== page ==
Indigenous and Rural Women Conserve Mother Earth and Empower Their Communities


On this International Women’s Day, we bring you a photo essay about Indigenous and rural women and their innate connection to nature. Women’s rights and gender equality are crucial for not just women, but also for their communities and the environment. Women play a key role in the conservation of biodiversity and forests. A growing body of evidence shows that increasing women’s leadership in natural resource management and governance is not only beneficial for biodiversity but also empowers women, increases their livelihood opportunities, improves their ability to plan for their families and results in positive outcomes for their communities.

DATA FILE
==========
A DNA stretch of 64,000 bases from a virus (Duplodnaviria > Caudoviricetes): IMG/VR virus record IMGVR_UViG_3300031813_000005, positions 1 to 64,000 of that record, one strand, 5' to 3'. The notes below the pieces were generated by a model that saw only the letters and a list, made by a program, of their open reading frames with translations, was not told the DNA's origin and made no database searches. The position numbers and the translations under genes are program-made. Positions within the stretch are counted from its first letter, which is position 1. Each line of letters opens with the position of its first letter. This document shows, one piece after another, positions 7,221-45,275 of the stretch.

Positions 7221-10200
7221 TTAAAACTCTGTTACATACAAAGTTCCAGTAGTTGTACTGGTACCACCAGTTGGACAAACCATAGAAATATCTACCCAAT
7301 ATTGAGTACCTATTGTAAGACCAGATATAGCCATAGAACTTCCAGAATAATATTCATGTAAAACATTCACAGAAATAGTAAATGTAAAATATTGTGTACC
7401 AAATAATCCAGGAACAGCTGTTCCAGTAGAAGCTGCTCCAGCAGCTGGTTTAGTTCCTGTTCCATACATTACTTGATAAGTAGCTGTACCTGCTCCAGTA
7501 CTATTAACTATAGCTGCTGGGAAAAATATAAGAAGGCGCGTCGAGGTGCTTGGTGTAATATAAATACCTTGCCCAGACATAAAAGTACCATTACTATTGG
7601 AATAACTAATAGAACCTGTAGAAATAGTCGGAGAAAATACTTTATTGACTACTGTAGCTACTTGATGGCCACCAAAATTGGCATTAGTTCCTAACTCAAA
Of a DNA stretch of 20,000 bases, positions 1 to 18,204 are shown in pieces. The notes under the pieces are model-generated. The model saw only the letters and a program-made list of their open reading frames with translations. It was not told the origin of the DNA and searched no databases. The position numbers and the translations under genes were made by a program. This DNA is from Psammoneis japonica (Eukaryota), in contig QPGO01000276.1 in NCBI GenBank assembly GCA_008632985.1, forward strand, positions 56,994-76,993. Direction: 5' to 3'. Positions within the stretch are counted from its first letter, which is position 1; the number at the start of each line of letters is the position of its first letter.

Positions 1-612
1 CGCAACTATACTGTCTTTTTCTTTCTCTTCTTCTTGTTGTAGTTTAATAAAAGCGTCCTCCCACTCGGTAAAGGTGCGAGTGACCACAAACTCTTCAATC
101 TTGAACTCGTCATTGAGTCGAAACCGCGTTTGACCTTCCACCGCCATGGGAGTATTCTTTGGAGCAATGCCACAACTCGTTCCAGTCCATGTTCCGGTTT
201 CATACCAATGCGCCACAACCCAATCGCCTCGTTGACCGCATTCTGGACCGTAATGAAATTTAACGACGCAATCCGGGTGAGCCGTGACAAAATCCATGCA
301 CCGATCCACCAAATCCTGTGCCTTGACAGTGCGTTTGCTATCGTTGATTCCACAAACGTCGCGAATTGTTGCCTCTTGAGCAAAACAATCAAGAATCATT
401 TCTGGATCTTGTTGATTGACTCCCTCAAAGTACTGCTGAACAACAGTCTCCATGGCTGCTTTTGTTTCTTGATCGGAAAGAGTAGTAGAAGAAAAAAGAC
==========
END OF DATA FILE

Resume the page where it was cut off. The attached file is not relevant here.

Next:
Across the world, women are often the principle caretakers of their families and responsible for important tasks like energy generation; collection of food, water and medicine; seed saving; and generating income for their families. Hence, with the loss of biodiversity and forests, women are disproportionally affected, bearing increased burdens to make ends meet. Women are also often excluded from decision-making and prevented from owning key resources like land. Many national policies also exhibit patriarchal and discriminatory attitudes (e.g. patrimonial land inheritance). On this Women’s Day, let us be reminded that the struggle for women’s rights is far from over and more crucial than ever.

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